Wednesday Adult Class and BEYOND!

by Chris Hardman

God is love. No doubt you have heard that statement often over the past many years at Holy Comforter. It is clearly biblical and we all affirm it. Usually, however, we think about it in one particular way. We think, oh yes there is a God up there somewhere, and that God loves me. While that is the way we have thought about it for a long, long time, that is not what "God is love" really means. "God is love" means more than God chooses to love us, it means God is love. God, thus, is more a verb than a noun! God is this dynamic relationship of giving and receiving, this flow of love that catches us all up in it.

The study of a God who is love is called Trinitarian theology and is encapsulated in what we call the Doctrine of the Trinity. This doctrine is not explicit in the Bible but is implicit, especially in what we call the New Testament. In the 4th century, when the church was struggling to make it explicit, it was the talk of the town. It is what everyone was discussing at the local coffee shop. But then the barbarians invaded Rome and the government collapsed. The church, being the only stable organization around, began to take over some of the governmental duties, and so the Trinity was largely ignored-for centuries. Oh, it was kept alive as a doctrine, and a few scholars reflected on it from time to time, and many mystics took it to heart, but it had no real effect on regular church goers-until now.

Over the past 20 years there has been a revival of Trinitarian thought. It was probably sparked by the discoveries of quantum physics, but it has gone well beyond that. In fact, it has brought together many of those paradoxes that have troubled us for years. It has allowed us to bring science and religion, the sacred and the profane, and the spiritual and the material together. In addition, it has given us a way to start meaningful and respectful conversations with those of different faith traditions.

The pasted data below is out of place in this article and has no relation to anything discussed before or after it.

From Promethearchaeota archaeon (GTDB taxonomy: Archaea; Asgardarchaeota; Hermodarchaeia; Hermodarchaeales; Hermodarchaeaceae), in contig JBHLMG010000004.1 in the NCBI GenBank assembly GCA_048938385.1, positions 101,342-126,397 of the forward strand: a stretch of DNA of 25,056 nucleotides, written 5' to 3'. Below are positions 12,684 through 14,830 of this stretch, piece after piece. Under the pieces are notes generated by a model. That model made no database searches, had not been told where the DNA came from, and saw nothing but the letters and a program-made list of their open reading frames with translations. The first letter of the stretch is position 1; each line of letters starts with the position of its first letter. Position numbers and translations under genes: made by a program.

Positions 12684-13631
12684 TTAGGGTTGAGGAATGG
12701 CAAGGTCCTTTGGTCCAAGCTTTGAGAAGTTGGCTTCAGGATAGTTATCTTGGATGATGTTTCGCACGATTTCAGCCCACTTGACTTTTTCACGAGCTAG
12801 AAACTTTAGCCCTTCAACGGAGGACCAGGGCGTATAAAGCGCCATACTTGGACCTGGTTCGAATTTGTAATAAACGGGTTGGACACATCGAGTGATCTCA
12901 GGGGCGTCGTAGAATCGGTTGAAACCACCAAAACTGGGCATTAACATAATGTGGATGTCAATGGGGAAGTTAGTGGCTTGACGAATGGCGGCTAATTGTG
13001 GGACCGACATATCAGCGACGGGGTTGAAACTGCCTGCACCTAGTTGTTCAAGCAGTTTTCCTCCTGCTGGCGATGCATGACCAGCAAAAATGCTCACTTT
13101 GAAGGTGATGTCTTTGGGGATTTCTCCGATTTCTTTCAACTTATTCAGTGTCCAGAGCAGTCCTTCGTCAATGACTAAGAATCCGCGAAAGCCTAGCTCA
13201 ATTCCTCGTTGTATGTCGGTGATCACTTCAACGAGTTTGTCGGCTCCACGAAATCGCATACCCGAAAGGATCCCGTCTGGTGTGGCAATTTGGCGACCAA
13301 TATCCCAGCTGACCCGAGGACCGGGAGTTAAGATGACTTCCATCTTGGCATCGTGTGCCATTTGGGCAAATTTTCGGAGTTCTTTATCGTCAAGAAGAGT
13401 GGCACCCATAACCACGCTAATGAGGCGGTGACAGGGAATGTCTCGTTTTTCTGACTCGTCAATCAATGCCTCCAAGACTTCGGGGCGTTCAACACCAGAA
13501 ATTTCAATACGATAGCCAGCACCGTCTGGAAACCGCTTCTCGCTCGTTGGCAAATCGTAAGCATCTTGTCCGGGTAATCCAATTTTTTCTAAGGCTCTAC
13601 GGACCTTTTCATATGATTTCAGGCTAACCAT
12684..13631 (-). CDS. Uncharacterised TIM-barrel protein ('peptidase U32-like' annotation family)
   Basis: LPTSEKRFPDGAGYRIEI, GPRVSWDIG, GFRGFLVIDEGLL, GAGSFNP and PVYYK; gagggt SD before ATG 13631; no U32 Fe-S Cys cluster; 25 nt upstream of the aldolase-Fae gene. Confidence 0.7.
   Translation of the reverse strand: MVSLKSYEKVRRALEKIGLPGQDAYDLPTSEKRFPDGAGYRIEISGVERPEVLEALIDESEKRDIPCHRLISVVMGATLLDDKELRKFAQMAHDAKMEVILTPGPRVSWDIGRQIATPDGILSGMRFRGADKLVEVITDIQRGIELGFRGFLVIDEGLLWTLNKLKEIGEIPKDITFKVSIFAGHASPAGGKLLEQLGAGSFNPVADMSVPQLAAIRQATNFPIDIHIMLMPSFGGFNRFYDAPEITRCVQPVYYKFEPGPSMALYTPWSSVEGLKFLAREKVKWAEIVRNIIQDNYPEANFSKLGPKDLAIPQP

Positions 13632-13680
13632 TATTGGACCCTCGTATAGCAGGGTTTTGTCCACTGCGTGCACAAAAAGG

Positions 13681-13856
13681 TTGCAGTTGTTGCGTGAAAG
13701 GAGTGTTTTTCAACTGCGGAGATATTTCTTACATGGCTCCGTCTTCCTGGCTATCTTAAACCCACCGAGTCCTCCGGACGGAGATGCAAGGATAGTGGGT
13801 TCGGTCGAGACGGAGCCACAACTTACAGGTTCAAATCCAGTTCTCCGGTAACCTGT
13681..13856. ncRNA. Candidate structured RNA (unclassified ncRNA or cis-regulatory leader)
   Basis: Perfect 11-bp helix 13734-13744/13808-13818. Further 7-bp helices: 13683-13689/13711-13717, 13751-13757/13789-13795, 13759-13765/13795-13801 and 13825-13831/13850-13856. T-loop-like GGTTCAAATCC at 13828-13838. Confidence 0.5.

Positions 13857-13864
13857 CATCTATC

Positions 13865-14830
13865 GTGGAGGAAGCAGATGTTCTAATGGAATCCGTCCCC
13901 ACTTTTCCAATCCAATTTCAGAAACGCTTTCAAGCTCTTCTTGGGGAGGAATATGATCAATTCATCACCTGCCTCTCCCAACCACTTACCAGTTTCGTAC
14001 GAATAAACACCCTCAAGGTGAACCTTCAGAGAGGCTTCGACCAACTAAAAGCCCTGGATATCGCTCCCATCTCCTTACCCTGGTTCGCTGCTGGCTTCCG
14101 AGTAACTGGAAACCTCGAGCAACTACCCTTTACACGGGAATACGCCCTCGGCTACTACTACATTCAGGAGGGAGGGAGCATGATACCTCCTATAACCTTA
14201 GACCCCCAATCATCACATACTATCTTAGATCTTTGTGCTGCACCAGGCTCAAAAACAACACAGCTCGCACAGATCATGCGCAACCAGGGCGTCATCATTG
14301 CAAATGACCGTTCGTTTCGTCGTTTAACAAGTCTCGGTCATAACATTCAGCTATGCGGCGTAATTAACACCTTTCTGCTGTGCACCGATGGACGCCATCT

The first book that really got me excited about Trinitarian theology was Mysteries of Faith by Mark McIntosh. This book was a part of the Episcopal Church's "New Teaching Series," replacing one published in the 60's and 70's. When I moved to Chicago I was quite excited to learn that Dr. McIntosh taught at Loyola University in Chicago. Unfortunately, he left for the University of Durham shortly after I arrived. But, now he is back at Loyola and we are going to have him speak at our adult forum this fall. To prepare for his visit, we are going to look at his book very closely in our Wednesday adult class starting on June 3rd. Copies can be found for purchase or loan in the church office.

What I hope we are moving toward here at Holy Comforter is the establishment of a Center for Trinitarian Spirituality. Theology is how we talk about God. Spirituality is how we put our life together in a way that reflects our theology. Actually it's more likely the other way around, but you know what I mean. Over the next few months our Wednesday class is going to begin to flesh out the mission of this proposed Trinitarian Center. It might include a revised library, a speaker series on theology, spirituality, liturgy, science and religion, evolution, the emerging church as well as other faith traditions. We will look at how each ministry of the church fits into this understanding of God. We will create a web page for all this with a few appropriate pod casts. And who knows what else.

We have been talking about the Trinity for a long time here at Holy Comforter. Perhaps it is time to begin to share that with others in a more explicit way. If you have interest in this, please let me know. You will, of course, be hearing more about this idea toward the end of the summer after our conversations have begun.